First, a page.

"Several studies and research have shown that dogs offer social support, are able to reduce stress, increase cognitive abilities and social interaction and counteract depression and anxiety in people," its website states. "Not only do the owners benefit from this, but also non-dog owners who share their work environment with the dogs of their colleagues and ultimately also the companies themselves."
According to a 2022 survey from Barkbus, a luxury mobile dog grooming service, as businesses reopened following COVID-19, people were reluctant to leave their pets at home and return to work.
"The worldwide shutdowns of 2020 caused by the COVID-19 pandemic sent us humans home to work remotely with no end in sight — but our dogs started living their best lives," Barkbus reported.
The survey found:
- 86% of employees would look forward to working more if they could bring their pup to work daily
- If employees could bring their dogs to work daily, they would save $138 weekly — or over $7,000 annually — from no longer needing to use doggy daycare or dog walkers
- 50% made new friends at work from bringing their pets to the office
- Searches for workplace pet policy templates were up 400% in the last year
- Employees' most desired perks are bringing their dog to work at least on certain days and having dog-friendly spaces, both indoors and outdoors
Emily Boyd agrees.
The executive director of the Coeur d'Alene Downtown Association is often joined in her lake view office by 9-year-old Finley.
He enjoys sitting in Boyd's lap.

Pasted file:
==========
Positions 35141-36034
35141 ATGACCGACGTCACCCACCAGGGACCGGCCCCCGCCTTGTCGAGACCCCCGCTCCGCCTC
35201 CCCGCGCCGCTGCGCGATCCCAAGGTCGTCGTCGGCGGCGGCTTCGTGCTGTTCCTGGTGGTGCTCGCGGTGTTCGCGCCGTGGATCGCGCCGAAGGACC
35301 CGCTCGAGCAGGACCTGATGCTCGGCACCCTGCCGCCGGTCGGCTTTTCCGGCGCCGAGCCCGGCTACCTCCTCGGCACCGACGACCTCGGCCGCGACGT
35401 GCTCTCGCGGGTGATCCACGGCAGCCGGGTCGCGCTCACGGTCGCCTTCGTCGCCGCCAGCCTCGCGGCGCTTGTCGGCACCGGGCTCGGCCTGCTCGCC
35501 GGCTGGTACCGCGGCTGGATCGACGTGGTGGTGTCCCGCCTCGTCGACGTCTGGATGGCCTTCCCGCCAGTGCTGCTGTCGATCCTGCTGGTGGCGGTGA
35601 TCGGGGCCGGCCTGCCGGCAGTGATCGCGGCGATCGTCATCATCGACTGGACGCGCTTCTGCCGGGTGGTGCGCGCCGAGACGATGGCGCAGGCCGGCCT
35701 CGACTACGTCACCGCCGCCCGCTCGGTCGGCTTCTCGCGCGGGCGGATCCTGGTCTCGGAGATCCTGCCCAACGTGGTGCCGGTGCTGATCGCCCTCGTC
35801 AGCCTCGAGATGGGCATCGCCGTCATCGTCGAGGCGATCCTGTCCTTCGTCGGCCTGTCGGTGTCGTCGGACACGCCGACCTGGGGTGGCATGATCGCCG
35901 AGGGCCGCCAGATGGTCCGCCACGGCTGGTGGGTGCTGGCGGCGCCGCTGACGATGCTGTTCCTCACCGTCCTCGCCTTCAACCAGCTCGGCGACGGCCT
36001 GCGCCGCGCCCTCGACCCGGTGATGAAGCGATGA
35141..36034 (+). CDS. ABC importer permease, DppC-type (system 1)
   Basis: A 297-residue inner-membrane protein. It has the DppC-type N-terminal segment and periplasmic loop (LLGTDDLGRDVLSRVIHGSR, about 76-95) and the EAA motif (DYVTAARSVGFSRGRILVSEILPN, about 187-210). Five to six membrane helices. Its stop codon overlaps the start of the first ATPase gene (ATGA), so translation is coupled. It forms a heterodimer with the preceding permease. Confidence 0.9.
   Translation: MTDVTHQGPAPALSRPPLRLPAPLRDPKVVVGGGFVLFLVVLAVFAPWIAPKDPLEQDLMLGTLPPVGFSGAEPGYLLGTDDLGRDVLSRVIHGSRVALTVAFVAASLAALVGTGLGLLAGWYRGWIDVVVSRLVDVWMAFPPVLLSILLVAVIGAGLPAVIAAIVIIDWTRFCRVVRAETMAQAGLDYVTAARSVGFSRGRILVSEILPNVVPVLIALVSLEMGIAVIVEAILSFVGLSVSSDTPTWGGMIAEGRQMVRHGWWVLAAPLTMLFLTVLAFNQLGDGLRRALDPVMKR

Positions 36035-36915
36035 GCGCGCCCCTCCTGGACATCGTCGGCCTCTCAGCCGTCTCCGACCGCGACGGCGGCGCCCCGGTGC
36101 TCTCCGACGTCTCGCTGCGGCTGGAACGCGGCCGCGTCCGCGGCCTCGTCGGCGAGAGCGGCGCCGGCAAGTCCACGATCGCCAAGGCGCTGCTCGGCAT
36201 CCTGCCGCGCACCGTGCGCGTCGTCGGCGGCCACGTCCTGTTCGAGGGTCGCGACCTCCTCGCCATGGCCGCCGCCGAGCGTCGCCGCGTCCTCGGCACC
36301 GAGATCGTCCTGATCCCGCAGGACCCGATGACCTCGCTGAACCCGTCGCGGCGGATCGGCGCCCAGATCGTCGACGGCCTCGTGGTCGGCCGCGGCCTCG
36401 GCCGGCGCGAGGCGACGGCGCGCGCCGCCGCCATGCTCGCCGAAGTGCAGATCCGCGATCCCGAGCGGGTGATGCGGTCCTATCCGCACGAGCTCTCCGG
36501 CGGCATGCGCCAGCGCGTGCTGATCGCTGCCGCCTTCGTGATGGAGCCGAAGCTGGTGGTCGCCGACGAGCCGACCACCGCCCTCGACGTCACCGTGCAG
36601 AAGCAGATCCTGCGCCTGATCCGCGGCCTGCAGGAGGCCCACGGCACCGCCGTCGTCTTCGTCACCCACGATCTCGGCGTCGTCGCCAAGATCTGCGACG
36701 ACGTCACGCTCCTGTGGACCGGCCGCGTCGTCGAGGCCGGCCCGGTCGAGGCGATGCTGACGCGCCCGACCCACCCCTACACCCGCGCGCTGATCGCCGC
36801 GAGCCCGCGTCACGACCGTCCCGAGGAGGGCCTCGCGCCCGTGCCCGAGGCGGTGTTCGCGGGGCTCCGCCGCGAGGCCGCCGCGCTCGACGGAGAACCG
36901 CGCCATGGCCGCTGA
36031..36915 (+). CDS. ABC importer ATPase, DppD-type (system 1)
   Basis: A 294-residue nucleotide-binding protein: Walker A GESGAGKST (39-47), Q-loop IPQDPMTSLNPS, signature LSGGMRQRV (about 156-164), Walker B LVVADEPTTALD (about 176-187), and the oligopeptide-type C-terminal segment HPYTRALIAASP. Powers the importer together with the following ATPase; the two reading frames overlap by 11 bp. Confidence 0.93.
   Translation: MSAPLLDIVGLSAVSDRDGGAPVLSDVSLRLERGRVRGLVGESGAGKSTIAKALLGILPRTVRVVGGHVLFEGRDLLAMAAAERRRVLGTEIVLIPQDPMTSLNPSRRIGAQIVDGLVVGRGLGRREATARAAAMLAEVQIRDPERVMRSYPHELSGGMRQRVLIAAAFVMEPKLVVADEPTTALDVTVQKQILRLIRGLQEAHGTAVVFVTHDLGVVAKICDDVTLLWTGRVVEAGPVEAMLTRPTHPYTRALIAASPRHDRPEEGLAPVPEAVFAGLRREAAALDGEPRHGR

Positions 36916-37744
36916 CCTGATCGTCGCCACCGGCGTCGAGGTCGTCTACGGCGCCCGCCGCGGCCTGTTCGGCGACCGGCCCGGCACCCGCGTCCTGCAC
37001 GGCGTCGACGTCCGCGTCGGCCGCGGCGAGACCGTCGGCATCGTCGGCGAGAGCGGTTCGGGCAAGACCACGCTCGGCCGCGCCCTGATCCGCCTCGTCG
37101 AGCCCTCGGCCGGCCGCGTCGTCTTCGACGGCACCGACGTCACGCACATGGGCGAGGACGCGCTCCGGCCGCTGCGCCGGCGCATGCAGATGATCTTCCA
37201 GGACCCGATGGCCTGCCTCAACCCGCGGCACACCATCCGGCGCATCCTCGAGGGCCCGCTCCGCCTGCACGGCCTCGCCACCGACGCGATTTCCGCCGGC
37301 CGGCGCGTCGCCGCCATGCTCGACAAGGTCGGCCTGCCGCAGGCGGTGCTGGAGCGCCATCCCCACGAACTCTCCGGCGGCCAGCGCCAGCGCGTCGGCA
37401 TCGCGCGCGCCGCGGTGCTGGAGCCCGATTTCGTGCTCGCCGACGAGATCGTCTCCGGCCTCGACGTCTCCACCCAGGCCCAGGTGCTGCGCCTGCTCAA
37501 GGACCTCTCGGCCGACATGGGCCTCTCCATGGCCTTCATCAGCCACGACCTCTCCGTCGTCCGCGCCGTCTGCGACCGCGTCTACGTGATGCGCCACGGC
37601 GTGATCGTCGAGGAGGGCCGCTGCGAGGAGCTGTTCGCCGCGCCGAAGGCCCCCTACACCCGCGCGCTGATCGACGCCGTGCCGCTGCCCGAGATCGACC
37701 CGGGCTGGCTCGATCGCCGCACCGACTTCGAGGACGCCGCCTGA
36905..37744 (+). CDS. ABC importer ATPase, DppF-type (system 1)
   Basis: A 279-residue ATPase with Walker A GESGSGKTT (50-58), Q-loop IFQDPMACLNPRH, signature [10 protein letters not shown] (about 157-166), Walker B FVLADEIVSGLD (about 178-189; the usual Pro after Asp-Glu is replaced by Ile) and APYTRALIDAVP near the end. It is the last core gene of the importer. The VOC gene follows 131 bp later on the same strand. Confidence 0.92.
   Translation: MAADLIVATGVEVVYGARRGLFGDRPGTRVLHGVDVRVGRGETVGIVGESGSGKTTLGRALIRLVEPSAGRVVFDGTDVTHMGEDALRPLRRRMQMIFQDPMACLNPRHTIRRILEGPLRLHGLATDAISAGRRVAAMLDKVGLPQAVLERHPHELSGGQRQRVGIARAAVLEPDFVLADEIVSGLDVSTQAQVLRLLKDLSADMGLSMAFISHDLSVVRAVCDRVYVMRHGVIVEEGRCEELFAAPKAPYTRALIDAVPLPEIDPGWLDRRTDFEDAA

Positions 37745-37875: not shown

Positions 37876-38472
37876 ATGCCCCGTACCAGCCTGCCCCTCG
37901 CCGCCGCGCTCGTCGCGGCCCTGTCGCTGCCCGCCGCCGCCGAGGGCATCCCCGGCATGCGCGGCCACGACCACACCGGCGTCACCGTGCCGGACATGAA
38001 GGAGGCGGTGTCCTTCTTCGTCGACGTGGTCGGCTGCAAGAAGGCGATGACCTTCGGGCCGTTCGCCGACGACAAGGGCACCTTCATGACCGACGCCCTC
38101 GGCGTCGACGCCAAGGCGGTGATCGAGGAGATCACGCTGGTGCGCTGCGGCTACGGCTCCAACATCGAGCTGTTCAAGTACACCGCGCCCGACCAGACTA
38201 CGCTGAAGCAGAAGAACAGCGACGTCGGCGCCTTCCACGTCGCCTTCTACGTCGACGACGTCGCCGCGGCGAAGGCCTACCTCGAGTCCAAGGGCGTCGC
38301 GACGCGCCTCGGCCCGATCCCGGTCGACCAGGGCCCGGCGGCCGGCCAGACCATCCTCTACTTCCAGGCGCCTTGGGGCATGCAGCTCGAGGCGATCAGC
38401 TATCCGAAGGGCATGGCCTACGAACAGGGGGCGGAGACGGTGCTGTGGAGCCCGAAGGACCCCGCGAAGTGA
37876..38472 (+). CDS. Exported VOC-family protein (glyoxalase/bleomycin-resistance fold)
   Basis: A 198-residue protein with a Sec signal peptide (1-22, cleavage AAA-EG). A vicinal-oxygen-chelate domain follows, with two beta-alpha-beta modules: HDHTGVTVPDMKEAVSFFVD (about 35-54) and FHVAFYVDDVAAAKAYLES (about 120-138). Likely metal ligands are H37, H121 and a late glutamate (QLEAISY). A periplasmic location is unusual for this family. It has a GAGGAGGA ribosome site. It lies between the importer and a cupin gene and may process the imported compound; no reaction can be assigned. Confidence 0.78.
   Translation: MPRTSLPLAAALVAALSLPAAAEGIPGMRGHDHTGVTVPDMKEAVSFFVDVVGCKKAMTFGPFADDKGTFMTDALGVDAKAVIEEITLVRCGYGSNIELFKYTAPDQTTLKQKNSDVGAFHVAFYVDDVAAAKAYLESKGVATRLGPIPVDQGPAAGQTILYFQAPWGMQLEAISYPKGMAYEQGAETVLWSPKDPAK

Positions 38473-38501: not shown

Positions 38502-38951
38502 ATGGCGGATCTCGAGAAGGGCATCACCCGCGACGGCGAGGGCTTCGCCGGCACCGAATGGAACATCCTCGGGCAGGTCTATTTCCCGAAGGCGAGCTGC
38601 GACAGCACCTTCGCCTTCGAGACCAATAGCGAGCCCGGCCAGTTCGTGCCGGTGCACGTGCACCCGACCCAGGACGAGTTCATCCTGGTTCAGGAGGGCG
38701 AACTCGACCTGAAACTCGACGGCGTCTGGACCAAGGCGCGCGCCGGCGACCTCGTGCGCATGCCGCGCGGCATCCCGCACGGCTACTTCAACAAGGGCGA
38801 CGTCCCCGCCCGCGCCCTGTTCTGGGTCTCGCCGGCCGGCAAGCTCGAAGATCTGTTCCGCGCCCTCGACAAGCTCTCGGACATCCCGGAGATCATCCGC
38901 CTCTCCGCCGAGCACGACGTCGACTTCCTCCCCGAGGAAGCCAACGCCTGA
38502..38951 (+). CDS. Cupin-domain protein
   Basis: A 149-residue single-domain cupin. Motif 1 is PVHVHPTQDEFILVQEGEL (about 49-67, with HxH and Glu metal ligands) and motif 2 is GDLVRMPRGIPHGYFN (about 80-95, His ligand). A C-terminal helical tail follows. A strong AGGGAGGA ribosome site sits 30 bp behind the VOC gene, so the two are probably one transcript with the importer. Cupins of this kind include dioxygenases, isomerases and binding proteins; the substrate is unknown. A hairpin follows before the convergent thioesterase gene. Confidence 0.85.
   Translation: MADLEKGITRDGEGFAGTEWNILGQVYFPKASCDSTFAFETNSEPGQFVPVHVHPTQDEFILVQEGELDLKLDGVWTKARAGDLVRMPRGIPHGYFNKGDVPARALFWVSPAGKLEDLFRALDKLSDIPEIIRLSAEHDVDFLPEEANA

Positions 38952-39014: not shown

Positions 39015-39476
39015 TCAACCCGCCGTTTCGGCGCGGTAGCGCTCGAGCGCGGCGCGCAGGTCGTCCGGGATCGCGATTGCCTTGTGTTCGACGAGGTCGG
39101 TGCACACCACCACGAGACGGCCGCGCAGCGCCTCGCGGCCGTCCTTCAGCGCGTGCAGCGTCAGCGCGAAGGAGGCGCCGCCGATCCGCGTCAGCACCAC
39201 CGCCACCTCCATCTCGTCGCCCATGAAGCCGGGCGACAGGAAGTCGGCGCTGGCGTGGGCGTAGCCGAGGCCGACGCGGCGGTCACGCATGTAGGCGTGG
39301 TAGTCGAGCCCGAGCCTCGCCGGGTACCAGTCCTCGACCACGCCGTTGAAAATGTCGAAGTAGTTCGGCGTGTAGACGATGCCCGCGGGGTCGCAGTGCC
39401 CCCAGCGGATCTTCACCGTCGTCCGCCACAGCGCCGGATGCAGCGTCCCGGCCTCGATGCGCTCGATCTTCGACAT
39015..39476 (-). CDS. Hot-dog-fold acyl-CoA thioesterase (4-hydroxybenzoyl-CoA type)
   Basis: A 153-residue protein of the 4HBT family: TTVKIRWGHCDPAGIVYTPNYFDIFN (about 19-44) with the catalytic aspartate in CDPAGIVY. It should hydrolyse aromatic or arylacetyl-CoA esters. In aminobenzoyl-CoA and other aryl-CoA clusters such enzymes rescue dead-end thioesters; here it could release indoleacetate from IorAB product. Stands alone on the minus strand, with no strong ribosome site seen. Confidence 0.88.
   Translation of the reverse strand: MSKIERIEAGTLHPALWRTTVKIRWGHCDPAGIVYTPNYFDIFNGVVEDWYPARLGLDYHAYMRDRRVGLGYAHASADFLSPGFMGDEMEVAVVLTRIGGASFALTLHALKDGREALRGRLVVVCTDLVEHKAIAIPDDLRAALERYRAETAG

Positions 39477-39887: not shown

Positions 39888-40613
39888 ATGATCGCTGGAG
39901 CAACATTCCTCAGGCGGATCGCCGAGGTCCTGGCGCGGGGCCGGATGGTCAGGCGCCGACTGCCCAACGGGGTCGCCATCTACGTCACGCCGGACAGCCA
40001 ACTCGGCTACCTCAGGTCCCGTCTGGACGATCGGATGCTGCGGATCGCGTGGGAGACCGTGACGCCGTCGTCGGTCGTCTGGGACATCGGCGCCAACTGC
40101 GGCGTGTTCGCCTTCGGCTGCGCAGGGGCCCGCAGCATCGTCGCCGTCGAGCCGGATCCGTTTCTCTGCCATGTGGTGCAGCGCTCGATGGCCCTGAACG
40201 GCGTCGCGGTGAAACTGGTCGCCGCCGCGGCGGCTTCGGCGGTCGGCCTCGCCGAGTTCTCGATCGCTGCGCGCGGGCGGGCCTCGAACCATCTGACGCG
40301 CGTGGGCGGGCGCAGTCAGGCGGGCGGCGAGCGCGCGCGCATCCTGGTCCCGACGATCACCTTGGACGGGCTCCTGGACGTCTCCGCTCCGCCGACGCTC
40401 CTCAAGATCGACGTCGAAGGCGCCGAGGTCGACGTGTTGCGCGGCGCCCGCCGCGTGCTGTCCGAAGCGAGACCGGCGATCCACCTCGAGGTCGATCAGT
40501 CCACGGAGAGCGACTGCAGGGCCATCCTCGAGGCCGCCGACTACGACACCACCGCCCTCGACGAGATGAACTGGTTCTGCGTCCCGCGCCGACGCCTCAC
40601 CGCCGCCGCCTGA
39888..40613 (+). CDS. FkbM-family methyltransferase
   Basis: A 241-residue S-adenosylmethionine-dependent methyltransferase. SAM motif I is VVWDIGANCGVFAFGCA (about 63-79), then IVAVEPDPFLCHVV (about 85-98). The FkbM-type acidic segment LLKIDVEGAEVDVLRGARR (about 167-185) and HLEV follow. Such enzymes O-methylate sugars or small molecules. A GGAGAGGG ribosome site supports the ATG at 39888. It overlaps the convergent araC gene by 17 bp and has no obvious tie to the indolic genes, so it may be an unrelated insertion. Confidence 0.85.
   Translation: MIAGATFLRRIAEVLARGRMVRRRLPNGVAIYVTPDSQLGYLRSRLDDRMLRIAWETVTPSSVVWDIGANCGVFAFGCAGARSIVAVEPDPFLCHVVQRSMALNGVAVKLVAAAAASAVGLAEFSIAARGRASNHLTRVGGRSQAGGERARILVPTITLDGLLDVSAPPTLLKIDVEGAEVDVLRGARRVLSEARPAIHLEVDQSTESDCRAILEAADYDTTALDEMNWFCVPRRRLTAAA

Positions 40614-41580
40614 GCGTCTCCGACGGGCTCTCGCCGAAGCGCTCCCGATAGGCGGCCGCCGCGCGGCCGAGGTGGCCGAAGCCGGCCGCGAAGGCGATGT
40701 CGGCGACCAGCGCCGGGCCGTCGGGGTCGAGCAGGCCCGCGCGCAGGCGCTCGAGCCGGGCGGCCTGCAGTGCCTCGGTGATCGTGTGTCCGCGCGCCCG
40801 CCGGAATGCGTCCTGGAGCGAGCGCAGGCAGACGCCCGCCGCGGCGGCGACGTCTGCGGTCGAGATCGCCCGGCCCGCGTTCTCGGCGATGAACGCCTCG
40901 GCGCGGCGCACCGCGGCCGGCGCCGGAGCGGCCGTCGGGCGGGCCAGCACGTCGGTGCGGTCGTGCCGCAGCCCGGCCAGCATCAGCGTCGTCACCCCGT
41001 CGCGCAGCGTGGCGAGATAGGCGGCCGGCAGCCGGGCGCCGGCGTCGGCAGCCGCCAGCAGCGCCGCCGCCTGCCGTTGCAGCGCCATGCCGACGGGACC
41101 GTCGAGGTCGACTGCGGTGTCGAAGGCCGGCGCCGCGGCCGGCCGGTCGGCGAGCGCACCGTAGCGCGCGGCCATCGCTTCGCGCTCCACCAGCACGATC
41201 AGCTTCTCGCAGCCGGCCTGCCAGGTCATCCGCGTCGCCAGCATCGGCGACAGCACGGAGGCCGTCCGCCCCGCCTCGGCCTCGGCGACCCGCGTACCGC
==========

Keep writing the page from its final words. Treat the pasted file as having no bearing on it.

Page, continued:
"He loves it here," Boyd said. "He gets so excited when he comes in.'
At that, Finley raises his upper lip, as if to smile.
Turns out, he is.
"He just does it when he’s happy," Boyd said, laughing.
Joan Ford, visitors center coordinator, is considered the matriarch of the canines and looks after them as needed. She keeps treats and vitamins for them at the front desk.
Dogs add to the camaraderie, Ford said.
"We're a team. We work really well together. And the dogs now know each other," she said.
She laughed as she recounted stories of how the dogs take each other's toys and run away.
Such fun antics are to be appreciated, she said.
"It's the best, when you think about it," Ford said.
Katie Rose Hargreaves shares her chamber office with Pearl, a 14-year-old Maltese, for which she is thankful.
Pearl needs to take medication three times daily, so Hargreaves needs her nearby.
"She's a joy-giver, a life-giver," Hargreaves said.
The small dog has a bed in the office and enjoys an occasional venti ice water.
Having Pearl around makes Hargreaves' workday more meaningful, she said, and boosts visitors, too.
"They just brighten up, being able to see the dogs," she said.